PGY1

We all know that intern year is one of the toughest years of residency with long hours on wards, all while trying to quell the panic of “I’m the one who actually signs the orders now.” Most FM programs do not have elective time during their intern year. This year is a great time to discover what abortion training opportunities exist. Ask your faculty, senior residents, and even reach out to alumni from your program. Find out how easy or hard it is to access this training, and that will give you a good baseline for where to start. 

 

Your PGY1 abortion training goals: 

  1. Ask faculty and senior residents about access to abortion training, identify allies and faculty mentors

  2. Meet with your program director about your intentions about accessing abortion training. Ask specifically about your program’s ability to do away rotations at a non-residency affiliated site, and what the process is to establish that affiliation. Those affiliations are legal agreements and can sometimes take months to go through, therefore it is best to know what you are working with from the beginning. Also, ask if the residency insurance covers procedures at an external site that does abortions and contraception. If the answer is no, do not fear! We will give you information about getting insurance coverage see Residency-Specific Logistics tab above. 

  3. If you have the ability to do so, request your PGY2 elective month in the second half of the year. that will give you more time to apply to different organizations for hands-on training.

  4. Complete self-learning modules on abortion care so that you are establishing a solid foundation for when you do your elective. Consider completing TEACH’s Early Abortion Training Curriculum or their Abortion Pill CME. You can also access a variety of modules and presentations at Innovating Education in Reproductive Health

  5. Log everything. IUDs insertions and removals, vaginal deliveries, postpartum hemorrhages, EMBs, Colposcopies, Implant insertions and removals, foley bulb placements, miscarriage management, D&Cs, etc. The more you can objectively show that you have the skills necessary to learn to provide abortions, the smoother the process will be for you. Your residency should already be using a tool to help you log procedures, so utilize that.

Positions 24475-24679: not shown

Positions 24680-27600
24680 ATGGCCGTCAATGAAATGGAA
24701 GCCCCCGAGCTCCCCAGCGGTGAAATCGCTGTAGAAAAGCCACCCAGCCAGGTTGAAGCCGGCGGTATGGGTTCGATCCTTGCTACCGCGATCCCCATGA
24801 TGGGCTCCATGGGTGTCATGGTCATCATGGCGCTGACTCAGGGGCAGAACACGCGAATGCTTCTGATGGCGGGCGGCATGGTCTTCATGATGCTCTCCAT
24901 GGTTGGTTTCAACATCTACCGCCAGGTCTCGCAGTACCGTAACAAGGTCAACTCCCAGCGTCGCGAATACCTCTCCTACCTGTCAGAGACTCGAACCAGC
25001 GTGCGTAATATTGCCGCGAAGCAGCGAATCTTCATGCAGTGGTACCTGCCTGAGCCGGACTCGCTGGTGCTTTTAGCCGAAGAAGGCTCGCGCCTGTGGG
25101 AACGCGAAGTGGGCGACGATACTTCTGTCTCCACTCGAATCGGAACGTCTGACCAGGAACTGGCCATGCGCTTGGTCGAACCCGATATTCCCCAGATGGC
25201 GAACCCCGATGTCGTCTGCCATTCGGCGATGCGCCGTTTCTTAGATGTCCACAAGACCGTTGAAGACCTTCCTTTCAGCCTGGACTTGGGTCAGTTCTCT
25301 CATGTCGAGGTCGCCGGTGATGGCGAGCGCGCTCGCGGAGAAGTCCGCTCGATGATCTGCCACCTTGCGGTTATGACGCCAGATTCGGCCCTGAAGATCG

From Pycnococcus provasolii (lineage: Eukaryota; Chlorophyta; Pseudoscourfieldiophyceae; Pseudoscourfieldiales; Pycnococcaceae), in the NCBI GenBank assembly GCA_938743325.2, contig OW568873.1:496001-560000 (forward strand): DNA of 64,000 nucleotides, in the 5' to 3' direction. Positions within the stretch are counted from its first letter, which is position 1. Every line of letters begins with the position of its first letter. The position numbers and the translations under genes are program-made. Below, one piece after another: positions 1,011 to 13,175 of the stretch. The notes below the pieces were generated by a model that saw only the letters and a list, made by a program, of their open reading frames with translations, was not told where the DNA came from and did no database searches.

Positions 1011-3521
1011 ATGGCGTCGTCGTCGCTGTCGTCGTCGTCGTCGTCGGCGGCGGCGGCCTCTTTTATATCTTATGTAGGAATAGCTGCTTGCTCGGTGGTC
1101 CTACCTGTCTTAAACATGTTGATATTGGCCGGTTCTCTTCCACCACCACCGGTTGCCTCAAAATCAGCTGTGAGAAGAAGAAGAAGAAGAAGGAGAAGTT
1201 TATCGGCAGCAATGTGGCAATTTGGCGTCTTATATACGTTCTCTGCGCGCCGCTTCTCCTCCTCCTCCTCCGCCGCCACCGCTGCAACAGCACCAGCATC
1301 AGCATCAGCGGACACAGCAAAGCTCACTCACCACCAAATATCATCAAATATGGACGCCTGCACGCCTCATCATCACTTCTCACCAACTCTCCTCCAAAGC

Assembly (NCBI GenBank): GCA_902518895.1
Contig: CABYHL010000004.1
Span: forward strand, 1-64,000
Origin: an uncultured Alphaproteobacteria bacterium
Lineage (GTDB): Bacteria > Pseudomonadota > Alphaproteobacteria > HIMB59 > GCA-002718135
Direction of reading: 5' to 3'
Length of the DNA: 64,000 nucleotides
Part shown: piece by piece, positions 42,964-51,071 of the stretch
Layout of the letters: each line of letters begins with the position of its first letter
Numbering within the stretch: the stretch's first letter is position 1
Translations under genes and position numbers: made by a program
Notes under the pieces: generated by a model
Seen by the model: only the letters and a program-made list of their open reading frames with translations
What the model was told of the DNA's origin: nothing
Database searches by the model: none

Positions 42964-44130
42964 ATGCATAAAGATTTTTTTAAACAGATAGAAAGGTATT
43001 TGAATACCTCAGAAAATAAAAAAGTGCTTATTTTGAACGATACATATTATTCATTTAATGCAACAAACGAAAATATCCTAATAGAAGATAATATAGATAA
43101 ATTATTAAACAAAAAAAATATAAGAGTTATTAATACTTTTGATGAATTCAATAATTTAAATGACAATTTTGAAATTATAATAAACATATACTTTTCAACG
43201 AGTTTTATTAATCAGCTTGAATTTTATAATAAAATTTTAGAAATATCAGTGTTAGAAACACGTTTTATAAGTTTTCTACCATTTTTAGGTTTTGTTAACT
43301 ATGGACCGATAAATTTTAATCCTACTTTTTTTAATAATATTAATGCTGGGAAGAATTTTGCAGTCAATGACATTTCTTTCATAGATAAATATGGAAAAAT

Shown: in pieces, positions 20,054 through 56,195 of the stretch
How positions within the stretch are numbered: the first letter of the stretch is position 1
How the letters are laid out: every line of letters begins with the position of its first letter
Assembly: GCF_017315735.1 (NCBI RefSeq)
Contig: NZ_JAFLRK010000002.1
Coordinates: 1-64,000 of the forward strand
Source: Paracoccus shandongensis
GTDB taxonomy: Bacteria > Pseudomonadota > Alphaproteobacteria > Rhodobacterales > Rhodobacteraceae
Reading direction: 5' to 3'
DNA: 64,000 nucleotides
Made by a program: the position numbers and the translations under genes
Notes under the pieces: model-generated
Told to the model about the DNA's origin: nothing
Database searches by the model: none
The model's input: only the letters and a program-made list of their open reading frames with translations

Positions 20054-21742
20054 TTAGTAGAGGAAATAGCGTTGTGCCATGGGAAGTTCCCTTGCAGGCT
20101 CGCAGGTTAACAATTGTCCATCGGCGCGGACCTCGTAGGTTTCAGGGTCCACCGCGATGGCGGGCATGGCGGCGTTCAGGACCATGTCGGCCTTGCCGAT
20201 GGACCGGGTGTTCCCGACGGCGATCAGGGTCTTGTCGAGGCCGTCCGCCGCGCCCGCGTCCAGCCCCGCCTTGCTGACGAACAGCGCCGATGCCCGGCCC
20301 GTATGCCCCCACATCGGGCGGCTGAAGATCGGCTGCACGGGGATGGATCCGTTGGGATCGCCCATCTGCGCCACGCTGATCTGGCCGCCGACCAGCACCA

6. Become an advocate: Join your local Reproductive Health Access Project Cluster, connect with other likeminded individuals, write Op-eds supporting abortion access and training for family medicine residents, and join the Reproductive Health Member Interest Group through the AAFP

PGY2 & PGY3

Depending on how your residency is structured, you may have the opportunity to do at least one if not multiple away electives. If your program or town does not already offer a high-volume abortion training experience, reach out to one of the following organizations to explore availability and apply for an away elective. All have various applications and availability - reach out as soon as possible as you become a PGY2 or PGY3 since availability is limited. 

 

Your PGY2 & PGY3 abortion training goals: 

  1. As soon as you decide you would like to do an abortion training specific elective, email the above programs to set up a meeting to discuss your application and goals. They will help you decide which program is the right fit for you.

  2. Apply to the program(s) of your choice, as soon as you can

  3. Once you’ve been accepted and have a clinic location, this is where the difficult logistical matters come into play. You will need to provide a number of documents to the clinic which vary by location and type of clinic. These documents may include: legal agreements between your residency program and the clinic, proof of malpractice insurance coverage (either covered by your residency or proof of purchase separately) and licensure. Let the clinics/programs guide you in this process, as they are the experts here. 

  4. Continue to log all applicable procedures including surgical and medical abortions, IUDs insertions and removals, vaginal deliveries, postpartum hemorrhages, EMBs, Colposcopies, Implant insertions and removals, foley bulb placements, miscarriage management, and D&Cs. 

  5. Continue to be an advocate: Join your local Reproductive Health Access Project Cluster, connect with other likeminded individuals, write Op-eds supporting abortion access and training for family medicine residents, and join the Reproductive Health Member Interest Group through the AAFP website.